Stone Fruit Skillet Pie
Stone Fruit Skillet Pie
The perfect ending to a summer supper, skillet pie is the marriage of sweet, ripe fruit and a simple crust—no need for fancy lattice work. Though reminiscent of a galette, this low-maintenance dessert is PHOTOS BY JONATHAN BONCEK baked in a cast-iron skillet, which contains the juicy filling and helps crisp the crust. Forget lard, the secret to the rich crust is butter, preferably the high-fat European variety, which yields a flakier crust than its American counterpart. The way butter and flour are incorporated can make all the difference, too. Conventional pie wisdom calls for working toward pea-sized butter pieces throughout the flour, but our pinching technique creates layers, ensuring a flaky texture similar to puff pastry. Mind the temperature of your dough as you roll it out—if it begins to stretch, pop it into the refrigerator for a few minutes. (Stretching the dough during rolling or when placing it into the skillet can cause the crust to shrink up as it bakes.) Skillet pie can be made with any fruit—think strawberries or peaches—but note that plums are rich in pectin. If you use another fruit, you may need to compensate by adding a thickener, like cornstarch, along with the sugar and salt. No matter what fruit you choose, let your pie cool so the filling has time to set before diving in. —Lia Grabowski
2 cups plus 2 teaspoons flour, divided, plus extra for rolling pastry
1/2 cup plus 2 teaspoons sugar, divided
1 1/2teaspoons kosher salt, divided
12 tablespoons cold, unsalted butter, cubed
1/3 cup cold water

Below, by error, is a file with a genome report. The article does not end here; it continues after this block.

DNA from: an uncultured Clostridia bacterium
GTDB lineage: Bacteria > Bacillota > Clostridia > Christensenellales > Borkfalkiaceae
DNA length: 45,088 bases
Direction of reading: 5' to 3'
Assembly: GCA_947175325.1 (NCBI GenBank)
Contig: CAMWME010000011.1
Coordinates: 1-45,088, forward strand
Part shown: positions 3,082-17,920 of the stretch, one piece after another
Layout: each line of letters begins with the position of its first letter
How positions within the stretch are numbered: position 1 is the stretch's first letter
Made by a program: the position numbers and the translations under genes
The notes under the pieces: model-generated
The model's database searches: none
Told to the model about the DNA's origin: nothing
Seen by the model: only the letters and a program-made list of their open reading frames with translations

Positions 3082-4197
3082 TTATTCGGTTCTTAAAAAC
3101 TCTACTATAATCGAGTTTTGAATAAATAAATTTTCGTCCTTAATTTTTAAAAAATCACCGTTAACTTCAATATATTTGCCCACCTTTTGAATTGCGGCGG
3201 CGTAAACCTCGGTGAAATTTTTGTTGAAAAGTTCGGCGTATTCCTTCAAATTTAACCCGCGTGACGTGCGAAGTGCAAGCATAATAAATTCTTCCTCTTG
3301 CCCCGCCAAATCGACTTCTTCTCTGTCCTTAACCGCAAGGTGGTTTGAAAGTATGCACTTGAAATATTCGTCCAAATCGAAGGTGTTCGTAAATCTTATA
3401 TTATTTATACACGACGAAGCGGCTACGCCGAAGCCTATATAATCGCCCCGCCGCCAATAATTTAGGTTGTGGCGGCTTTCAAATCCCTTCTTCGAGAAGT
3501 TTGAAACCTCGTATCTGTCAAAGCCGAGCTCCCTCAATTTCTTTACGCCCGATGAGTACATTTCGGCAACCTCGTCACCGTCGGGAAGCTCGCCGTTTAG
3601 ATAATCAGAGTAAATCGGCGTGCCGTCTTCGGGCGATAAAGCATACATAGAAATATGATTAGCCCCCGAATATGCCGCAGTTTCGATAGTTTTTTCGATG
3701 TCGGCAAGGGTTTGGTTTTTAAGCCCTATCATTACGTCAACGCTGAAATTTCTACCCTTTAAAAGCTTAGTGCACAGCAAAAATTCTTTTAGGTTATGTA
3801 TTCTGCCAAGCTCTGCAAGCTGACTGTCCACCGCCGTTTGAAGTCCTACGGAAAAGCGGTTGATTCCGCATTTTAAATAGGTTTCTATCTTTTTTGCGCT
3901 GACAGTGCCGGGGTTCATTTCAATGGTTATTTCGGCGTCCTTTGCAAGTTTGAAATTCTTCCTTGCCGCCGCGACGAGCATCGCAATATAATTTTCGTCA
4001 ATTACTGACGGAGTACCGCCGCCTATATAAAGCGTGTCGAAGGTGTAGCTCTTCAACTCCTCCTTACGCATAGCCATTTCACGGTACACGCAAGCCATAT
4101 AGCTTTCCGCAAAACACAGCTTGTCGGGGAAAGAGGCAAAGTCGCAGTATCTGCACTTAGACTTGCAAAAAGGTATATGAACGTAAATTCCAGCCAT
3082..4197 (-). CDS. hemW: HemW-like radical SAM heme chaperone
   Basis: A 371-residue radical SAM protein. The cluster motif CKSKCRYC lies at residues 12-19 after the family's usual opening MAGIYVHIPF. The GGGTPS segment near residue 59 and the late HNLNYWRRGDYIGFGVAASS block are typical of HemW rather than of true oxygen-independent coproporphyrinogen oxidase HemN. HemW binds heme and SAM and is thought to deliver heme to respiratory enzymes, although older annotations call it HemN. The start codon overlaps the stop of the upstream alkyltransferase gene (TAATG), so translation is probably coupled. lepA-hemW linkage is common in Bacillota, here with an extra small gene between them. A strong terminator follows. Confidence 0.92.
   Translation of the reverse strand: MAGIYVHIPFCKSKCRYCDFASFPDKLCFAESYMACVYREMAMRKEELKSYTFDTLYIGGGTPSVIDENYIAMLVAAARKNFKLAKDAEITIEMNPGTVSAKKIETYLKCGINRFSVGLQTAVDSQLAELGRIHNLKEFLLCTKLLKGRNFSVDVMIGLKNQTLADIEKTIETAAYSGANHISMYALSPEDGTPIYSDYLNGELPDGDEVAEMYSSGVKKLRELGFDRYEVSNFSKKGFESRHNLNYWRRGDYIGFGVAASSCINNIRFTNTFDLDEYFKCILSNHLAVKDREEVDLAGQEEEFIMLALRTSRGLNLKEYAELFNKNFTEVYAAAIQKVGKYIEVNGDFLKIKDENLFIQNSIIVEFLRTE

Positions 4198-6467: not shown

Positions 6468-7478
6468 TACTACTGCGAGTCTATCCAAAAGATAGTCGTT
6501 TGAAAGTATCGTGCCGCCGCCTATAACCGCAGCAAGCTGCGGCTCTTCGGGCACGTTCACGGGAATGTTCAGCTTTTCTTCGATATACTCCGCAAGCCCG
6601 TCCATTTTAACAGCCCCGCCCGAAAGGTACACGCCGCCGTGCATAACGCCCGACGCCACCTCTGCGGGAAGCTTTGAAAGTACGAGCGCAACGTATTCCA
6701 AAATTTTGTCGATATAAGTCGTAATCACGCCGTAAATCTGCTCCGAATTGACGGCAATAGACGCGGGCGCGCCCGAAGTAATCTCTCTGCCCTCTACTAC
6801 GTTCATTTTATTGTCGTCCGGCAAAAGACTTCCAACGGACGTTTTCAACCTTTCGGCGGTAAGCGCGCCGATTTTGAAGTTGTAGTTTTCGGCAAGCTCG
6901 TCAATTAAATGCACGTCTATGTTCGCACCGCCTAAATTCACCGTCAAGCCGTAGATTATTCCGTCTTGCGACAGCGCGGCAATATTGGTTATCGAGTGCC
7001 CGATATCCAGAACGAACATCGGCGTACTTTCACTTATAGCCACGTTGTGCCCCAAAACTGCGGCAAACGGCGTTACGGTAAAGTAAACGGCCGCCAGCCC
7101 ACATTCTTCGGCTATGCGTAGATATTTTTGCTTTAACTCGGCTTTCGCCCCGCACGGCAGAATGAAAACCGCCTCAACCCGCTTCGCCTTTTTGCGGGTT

2 pounds plums, pitted and sliced into wedges
Cut in Butter
In a large bowl, whisk together 2 cups our, 2 teaspoons sugar, and 1 teaspoon salt. With a snapping motion, use your ngers to incorporate butter into our mixture.
Mix and Form
Make a well in center of our and add water. Mix until dough just begins to hold together. Turn out onto a clean work surface, press dough into a at disc, wrap in plastic, and refrigerate for 1 hour.
Preheat oven to 375 degrees before removing dough from fridge. On a clean, oured surface, roll dough to 1/8-inch thickness. Gently roll well- floured round onto rolling pin to transfer to skillet.
Lift and Pace
Unroll dough over a 10-inch skillet. Instead of stretching dough into the pan, lift and place it into the bottom and against the sides. Use a knife to trim edges to 2 inches larger than the skillet.
Toss cut plums with remaining 1/2 cup sugar, 2 teaspoons our, and 1/2 teaspoon salt. Pour plums into skillet, and arrange in an even layer.
Fold It Over
Fold dough over itself to form pleats. Optionally, brush with heavy cream or beaten egg whites and dust with coarse sugar. Bake for 1 hour to 1 hour and 15 minutes, then cool on a rack.
For more recipes and articles on southern cuisine visit The Local Palate
Written by Lia Grabowski | Photos by Jonathan Boncek
- 2 cups plus 2 teaspoons flour, divided, plus extra for rolling pastry
- 1/2 cup plus 2 teaspoons sugar, divided
- 1 1/2 teaspoons kosher salt, divided
- 12 tablespoons cold, unsalted butter, cubed
- 1/3 cup cold water
- 2 pounds plums, pitted and sliced into wedges